How social distancing has influenced the recruitment process
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How social distancing has influenced the recruitment process

The Coronavirus has been disruptive. The uncertainty it caused led some Swiss companies to put their hiring plans on hold. But now that the lockdown has ended, many Swiss companies are keen to get back to being fully operational.

1 July 2020

This means they are going to have to resume hiring. They may even need to increase their headcount in this new post-Coronavirus world.


How we will recruit will change


It won’t be the same of course. Shutting down public life for months on end has led to a huge shift in how we work, how we interview, and how we hire. A large part of this disruption is being driven by social distancing, which is still with us today.


Most of us by now have partially returned to the office. It’s a strange experience. I’ve noticed that some people wear face masks, but others don’t. Social interaction is also a little awkward. After months of not seeing colleagues, is it strictly forbidden to shake hands? Or have greetings been limited to touching elbows and tapping feet?


So, you can imagine how awkward it is when meeting professional candidates in a formal setting. For now, I’m going for the elbow bump. But this is the environment that social distancing has created. It’s also going to be around for a while. Consequently, it will have a huge influence on the recruitment process in ways I could not have previously imagined.


How do you search for candidates at a social distance?


Finding skilled candidates is art. You need to be both creative and innovative, plus have a strong established network. Once you find the right candidate, it can take time to try and persuade them to leave the company they work for. And, a large part of this process involves having one-to-one meetings: it might be in your office, over a coffee, or even for lunch.


When you meet someone face-to-face you can very quickly establish the kind of person they are. You get a sense of their personality from their body language, posture, and facial expressions. And it’s not always about meeting a candidate for a role. Often, it’s about gathering information that might help fill a position either now or in the future.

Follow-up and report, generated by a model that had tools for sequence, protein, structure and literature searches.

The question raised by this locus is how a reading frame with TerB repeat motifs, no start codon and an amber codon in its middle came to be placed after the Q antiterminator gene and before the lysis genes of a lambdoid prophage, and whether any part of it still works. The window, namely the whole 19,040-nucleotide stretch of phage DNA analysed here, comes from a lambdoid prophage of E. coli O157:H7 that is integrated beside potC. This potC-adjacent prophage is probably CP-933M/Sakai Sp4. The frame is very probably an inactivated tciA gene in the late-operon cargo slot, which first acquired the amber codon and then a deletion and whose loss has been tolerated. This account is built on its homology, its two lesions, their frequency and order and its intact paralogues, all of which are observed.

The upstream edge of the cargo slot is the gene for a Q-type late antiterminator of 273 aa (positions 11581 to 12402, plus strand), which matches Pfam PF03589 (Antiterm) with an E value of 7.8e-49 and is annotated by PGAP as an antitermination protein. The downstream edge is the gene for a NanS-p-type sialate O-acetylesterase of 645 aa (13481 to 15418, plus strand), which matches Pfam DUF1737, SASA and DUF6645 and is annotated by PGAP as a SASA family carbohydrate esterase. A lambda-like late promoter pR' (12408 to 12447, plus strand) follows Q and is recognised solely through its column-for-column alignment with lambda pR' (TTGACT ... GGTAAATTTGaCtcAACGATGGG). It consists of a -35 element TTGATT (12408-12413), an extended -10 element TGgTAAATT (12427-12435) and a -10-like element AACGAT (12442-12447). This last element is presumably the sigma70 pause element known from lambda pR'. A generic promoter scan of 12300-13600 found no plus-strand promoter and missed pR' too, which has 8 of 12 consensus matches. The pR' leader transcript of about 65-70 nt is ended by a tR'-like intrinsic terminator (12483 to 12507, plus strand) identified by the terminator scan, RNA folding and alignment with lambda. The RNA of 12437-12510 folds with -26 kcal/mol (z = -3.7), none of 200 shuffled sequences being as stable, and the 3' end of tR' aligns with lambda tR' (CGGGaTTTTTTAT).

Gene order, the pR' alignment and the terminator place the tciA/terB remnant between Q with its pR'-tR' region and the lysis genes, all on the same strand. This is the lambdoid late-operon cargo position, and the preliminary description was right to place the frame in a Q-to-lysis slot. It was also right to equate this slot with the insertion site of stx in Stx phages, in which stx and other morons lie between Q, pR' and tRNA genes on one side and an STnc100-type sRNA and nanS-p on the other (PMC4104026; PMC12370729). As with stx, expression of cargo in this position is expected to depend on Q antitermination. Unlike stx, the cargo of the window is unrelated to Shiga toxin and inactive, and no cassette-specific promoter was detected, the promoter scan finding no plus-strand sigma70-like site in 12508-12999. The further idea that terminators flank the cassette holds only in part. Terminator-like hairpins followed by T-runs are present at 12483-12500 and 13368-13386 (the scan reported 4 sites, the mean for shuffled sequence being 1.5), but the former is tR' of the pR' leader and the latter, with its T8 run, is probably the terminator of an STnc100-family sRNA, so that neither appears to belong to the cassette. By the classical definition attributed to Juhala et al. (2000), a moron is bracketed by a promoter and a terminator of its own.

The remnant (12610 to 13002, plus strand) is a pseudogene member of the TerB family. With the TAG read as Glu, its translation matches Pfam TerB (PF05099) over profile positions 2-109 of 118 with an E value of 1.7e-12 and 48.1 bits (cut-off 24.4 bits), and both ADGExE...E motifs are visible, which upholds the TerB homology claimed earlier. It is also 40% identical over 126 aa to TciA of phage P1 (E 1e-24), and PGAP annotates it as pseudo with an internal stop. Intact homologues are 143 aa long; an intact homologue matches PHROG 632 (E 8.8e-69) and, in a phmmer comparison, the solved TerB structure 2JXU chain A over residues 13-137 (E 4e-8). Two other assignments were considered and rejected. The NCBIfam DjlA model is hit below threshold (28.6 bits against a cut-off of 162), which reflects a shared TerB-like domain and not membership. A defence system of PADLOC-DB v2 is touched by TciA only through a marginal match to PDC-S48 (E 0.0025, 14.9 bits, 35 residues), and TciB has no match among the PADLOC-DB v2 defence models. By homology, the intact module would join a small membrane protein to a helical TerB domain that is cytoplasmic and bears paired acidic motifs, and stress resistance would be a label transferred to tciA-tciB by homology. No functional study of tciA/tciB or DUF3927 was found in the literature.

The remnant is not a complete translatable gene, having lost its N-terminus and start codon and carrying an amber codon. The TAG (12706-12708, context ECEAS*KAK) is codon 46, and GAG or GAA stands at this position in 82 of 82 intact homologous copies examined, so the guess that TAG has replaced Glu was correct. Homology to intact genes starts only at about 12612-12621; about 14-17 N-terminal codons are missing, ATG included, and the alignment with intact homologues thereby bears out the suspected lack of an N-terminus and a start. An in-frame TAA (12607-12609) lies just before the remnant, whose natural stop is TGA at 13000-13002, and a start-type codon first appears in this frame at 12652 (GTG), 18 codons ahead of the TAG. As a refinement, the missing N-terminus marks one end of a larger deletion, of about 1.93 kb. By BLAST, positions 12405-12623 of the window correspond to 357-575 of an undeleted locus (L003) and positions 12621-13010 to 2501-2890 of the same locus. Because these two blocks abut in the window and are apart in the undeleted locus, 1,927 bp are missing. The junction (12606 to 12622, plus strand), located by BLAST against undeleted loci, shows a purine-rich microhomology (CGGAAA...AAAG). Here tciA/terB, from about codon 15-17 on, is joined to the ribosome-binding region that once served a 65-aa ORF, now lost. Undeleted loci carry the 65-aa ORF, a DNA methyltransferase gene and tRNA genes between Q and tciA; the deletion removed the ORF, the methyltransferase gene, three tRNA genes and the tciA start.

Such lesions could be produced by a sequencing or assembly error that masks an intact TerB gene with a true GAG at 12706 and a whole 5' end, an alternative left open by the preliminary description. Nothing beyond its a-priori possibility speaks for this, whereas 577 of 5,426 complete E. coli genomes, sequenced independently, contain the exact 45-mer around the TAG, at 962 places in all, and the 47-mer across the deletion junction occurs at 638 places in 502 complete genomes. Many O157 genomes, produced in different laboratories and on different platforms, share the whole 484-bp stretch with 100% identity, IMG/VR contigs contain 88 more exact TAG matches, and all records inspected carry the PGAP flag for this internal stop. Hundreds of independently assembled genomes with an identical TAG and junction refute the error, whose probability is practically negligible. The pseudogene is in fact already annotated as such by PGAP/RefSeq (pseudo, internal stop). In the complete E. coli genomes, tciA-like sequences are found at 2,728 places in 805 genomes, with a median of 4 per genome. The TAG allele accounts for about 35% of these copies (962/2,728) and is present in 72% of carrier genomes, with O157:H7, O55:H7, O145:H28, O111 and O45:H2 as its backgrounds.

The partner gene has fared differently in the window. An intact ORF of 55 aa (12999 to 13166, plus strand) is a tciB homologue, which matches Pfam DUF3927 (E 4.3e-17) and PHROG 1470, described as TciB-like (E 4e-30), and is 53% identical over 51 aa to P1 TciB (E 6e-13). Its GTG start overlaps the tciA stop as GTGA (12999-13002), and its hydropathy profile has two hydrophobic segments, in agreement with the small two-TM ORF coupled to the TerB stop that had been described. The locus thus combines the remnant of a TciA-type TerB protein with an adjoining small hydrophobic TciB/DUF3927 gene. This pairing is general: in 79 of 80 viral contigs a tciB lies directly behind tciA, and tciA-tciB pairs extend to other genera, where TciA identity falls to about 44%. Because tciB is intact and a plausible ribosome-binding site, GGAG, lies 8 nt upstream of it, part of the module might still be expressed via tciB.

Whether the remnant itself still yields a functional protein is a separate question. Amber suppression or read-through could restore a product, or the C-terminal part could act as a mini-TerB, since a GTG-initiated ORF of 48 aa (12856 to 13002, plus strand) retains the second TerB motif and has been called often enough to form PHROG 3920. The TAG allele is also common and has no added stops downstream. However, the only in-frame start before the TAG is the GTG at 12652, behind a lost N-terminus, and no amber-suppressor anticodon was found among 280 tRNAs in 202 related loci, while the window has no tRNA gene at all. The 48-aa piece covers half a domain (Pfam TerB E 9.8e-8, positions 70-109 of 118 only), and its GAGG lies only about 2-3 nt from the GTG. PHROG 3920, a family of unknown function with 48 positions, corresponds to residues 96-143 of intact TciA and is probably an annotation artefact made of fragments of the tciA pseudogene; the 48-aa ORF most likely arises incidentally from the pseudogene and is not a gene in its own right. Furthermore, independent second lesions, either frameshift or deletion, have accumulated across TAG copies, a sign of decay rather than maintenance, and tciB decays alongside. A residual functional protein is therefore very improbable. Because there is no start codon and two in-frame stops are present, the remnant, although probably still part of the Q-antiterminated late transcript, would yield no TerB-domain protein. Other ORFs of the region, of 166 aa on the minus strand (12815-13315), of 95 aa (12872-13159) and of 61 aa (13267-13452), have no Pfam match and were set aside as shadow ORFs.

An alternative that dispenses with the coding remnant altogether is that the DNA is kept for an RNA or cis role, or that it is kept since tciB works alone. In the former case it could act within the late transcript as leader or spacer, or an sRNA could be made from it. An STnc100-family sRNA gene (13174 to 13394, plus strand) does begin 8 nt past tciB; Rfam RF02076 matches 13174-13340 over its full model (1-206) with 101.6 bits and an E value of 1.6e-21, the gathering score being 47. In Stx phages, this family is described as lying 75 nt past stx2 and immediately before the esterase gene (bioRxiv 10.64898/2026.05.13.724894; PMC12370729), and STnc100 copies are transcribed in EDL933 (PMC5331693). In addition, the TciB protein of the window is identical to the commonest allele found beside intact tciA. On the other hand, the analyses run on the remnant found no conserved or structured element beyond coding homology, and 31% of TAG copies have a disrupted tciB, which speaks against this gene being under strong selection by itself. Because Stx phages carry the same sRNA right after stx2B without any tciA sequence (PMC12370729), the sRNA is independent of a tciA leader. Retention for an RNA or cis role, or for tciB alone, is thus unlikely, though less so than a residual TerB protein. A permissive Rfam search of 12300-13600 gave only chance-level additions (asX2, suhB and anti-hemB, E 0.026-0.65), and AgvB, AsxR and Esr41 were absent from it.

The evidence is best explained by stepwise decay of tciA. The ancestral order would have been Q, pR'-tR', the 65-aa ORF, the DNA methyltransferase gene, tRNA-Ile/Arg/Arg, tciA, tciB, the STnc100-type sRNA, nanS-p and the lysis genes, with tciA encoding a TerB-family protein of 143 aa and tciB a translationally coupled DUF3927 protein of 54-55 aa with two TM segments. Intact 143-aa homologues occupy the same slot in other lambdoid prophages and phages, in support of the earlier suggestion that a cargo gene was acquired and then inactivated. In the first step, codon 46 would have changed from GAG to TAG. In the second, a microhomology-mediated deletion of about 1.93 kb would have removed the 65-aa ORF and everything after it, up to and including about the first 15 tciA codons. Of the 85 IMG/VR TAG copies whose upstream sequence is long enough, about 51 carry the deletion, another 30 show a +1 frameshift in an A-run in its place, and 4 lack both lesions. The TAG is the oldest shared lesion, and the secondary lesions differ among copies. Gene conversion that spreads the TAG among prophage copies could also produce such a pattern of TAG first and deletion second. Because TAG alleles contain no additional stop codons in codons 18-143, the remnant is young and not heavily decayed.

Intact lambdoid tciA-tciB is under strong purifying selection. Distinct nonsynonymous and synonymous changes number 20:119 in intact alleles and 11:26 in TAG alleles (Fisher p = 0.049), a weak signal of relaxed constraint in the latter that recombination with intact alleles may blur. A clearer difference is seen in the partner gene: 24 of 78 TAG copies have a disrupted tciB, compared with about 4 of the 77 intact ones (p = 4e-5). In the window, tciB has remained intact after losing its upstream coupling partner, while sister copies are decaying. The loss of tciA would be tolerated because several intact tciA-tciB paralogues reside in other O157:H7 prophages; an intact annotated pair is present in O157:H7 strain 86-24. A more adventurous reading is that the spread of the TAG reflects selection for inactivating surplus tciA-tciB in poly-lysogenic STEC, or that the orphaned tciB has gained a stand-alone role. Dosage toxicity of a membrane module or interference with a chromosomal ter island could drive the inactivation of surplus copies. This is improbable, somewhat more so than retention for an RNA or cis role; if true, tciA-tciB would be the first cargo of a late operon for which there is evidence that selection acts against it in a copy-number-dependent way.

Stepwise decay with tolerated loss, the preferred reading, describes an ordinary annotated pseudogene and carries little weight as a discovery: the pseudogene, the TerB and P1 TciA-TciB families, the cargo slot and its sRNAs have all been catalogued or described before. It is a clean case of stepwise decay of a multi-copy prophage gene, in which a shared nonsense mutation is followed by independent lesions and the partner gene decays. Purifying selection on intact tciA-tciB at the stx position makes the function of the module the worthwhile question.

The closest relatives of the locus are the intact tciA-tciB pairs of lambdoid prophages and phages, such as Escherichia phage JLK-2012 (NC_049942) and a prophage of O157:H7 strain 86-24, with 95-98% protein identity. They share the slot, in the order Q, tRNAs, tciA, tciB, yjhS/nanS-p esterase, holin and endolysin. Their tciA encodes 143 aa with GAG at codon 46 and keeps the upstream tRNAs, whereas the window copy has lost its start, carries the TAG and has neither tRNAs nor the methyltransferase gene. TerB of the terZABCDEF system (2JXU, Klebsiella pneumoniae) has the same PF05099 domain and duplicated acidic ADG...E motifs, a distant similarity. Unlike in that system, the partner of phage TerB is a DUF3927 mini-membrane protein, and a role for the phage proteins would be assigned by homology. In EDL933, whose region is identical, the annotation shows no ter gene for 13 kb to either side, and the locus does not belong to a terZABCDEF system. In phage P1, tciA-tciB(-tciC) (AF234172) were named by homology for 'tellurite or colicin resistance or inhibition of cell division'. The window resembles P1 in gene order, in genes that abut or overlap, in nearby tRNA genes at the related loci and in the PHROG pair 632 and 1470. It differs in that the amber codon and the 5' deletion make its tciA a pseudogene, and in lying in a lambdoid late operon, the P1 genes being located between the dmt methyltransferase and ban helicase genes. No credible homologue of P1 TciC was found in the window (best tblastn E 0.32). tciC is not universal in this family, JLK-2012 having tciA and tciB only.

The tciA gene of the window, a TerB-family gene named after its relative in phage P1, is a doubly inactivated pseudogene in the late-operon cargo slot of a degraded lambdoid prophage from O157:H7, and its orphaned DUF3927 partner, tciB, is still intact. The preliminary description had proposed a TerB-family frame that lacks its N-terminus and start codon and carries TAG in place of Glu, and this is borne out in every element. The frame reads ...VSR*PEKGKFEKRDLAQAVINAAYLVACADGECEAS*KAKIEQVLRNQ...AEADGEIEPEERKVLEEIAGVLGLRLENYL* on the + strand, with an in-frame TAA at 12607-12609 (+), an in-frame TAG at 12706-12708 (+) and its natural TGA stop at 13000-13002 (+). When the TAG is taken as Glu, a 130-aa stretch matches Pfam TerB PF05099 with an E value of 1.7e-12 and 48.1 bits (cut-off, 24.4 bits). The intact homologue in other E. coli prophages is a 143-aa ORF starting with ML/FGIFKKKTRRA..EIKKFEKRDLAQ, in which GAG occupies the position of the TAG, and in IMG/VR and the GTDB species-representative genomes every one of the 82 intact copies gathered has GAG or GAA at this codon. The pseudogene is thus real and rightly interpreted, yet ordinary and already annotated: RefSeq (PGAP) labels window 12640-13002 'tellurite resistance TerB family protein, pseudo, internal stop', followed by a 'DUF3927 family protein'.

When social interaction is a bit more limited, this becomes tricky. You’re limited to telephone calls and Zoom video conference calls, which reduces your ability to pick up on these social signals.


Could the interview process change?


Interviewing candidates can also be a bit challenging in a social distancing setting. It’s similar to the issues experienced when searching for candidates.


In the past, hiring senior people always involved face-to-face meetings. For instance, it was also common practice for senior members of staff to fly-in when interviewing candidates for a high-profile role. However, thanks to technology it’s now possible to carry out such interviews by video conference call. And now social distancing has helped make this practice the established norm.


During the lock-down, some companies continued to hire, especially for highly skilled positions that they needed to fill. In some instances, almost the entire interview process was conducted by video conference.


What was interesting to observe was how these companies adapted. Faced with social distancing they used other methods to assess the candidate’s suitability for the role.


They would carry out more thorough reference checks. Online assessments, even for the most senior positions, were used by some HR teams. However, what impressed me the most was that often the video conference interviews were recorded.


This meant that candidates needed fewer interviews as the interview recordings could be watched an analysed by multiple people long after the interview took place. It saved a considerable amount of time and sped up the hiring process.


The onboarding process has also been affected by social distancing


What was fascinating to observe was how candidates were onboarded at a social distance. In some instances, candidates were hired prior to the lock-down. They had signed their contracts and agreed on their start dates, which ended up being in the middle of the lock-down.


It must have been a surreal experience for those starting their first day of work at home. I heard stories of recently hired candidates going into town to pick up a laptop that had been prepared for them from a partially closed office. Their entire interaction with their team and the rest of the company was completely digital. They were either communicating by email or video conference call with some team members they had never physically met.


Of course, since the lock-down has ended, things have changed. Such measures are no longer necessary.


However, even as social distancing fades, these experiences will still have a significant impact on the recruitment process. It has challenged the status quo and old ways of thinking. It’s also encouraged companies to use new techniques and technology to assess and hire candidates.


Perhaps social distancing will therefore have some beneficial effects on recruitment.